Now place the beginning welting inside this pocket your created and sew it down treating it as one piece making sure all of the edges of the fabric line up. Now take a breath – and do it all over again – you have to do the top and bottom of the cushion.

Duhh, duhn, DUHN! The zipper. For those of you who have never done it before, I won't lie and say it's easy. In theory it is, but figuring it out is a B*tch. So just follow the pictures and directions and take your time. At the end of the day it won't really matter as it will be in the back of the cushion and no one will see it, but try anyway.

Take your two pieces that you cut out for the zipper. Take one piece – with the pattern going vertical and place the zipper face down along the top edge. Use your zipper foot and sew them together. To make your life easier, unzip the zipper and sew as much of it as possible. Once you get to the end, lift up the foot and zip up the zipper. Now you can keep sewing to the end. For the other side, place the other piece of fabric on top of the zipper with the fabric direction going down. When you open it up, the fabric will be on the top of the zipper and should be running in the right direction. Next, get your iron ready cause you're going to need to cover up the zipper with a fabric flap of sorts. Fold the fabric down from the top and up from the bottom. Make sure that the two flaps meet in the middle of the zipper. This will give the cushion a professional look.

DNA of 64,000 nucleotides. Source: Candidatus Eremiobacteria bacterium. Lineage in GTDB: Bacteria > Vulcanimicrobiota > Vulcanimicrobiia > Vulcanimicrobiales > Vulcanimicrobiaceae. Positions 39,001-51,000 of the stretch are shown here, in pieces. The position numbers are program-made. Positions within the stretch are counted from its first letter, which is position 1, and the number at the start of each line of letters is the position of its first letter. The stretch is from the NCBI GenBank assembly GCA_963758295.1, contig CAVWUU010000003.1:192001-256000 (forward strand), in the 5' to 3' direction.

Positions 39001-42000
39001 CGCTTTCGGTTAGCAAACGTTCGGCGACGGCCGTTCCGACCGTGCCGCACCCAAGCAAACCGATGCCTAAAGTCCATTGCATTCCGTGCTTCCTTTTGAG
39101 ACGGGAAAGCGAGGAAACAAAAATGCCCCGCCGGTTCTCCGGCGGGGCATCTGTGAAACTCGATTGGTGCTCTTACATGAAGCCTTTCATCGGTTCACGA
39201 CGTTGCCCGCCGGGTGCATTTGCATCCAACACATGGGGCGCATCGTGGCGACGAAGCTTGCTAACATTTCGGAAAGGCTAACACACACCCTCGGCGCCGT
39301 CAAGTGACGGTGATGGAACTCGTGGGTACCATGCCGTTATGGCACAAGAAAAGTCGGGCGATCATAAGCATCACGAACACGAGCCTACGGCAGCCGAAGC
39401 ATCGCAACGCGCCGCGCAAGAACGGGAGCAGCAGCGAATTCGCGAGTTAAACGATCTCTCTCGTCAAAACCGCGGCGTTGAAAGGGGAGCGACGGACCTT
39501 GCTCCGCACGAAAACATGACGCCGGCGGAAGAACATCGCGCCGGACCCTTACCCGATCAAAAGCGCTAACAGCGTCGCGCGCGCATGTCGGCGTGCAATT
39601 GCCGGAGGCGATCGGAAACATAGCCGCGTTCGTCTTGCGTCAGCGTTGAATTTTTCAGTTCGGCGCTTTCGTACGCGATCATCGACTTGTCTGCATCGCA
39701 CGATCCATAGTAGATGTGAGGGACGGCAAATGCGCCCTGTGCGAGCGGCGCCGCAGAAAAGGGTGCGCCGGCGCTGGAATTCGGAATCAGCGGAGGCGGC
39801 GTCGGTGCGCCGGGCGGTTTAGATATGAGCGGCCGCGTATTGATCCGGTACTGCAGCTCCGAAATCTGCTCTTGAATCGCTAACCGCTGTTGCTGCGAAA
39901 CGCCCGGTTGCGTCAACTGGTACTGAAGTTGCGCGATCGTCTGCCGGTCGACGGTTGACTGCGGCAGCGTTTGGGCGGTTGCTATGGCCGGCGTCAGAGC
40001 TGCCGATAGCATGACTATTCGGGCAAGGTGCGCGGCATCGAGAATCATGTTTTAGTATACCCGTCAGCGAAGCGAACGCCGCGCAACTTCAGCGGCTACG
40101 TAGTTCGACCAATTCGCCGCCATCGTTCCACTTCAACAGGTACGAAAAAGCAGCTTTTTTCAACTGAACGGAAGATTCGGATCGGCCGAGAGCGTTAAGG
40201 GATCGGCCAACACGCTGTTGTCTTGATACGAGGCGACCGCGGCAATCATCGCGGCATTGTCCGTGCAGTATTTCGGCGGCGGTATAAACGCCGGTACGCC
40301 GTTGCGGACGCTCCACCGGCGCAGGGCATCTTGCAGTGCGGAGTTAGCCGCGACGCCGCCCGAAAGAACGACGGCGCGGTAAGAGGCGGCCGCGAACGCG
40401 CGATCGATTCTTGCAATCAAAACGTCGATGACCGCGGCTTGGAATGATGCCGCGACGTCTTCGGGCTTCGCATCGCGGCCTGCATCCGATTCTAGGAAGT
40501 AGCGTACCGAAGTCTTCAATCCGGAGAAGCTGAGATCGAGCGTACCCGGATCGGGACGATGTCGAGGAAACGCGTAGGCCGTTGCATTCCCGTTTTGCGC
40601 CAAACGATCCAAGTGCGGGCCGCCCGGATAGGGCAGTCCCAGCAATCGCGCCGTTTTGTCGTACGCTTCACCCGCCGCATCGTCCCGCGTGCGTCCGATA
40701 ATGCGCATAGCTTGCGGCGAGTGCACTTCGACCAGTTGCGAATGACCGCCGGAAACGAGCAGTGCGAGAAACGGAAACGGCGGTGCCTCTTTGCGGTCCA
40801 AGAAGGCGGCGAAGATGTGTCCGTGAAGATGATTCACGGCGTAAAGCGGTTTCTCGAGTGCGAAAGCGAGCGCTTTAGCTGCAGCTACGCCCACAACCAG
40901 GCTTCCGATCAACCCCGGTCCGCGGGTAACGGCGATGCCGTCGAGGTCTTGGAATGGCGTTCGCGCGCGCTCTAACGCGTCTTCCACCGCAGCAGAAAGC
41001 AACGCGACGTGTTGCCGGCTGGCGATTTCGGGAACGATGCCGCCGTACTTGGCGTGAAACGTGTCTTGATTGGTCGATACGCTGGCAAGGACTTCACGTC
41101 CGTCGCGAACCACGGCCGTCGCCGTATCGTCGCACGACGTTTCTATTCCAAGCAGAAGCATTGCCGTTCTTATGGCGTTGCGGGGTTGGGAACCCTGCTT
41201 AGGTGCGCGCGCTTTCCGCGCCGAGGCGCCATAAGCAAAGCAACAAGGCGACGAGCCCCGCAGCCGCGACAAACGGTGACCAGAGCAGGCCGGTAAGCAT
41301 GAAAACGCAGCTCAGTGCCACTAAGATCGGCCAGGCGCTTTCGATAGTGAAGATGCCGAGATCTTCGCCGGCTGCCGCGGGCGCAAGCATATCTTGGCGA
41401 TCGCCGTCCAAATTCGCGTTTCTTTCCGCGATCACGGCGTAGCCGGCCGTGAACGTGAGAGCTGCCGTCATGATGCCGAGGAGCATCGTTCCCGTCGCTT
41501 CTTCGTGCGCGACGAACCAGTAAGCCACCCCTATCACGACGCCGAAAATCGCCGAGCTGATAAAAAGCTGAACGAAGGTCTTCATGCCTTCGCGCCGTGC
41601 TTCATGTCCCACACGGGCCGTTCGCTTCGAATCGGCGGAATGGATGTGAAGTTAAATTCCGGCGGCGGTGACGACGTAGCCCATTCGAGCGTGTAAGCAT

Topstitch these flaps down once again using the zipper foot. Now attach the side pieces to the top and bottom cushions making sure to match up any plaids/stripes/large prints. This way the print will run continuously over the seams. Once again you will need to clip the corners and make sure you pin, pin and then pin some more. However, don't run over the pins as you might break your needle, once, twice – three times – when will I ever learn.

Ok, so you have the side pieces attached now attach the zippered portion. This piece will run along the back of the cushion and around to the sides by a few inches. If you don't have it run around the sides – then it will be a b*tch to get the insert back in.

Now sew the zippered portion to the side piece and sew the entire side down. Do this to the other side and now to the home stretch. If you did use welting, then you will need a piping foot and sew over the welting with the foot getting as close to the welting as possible. I use my finger nail and push into the fabric up to the welting. My mom taught me to do this and it definitely does the trick. Now just turn the cushion inside out and check if you accidentally snagged fabric whereby you will need t o use your seam ripper to fix it. I can't even tell you how much I hate fixing things – but it is a necessary evil.

OK, now dance the jig cause your done with the cushion. Hurrah!

-Rock On!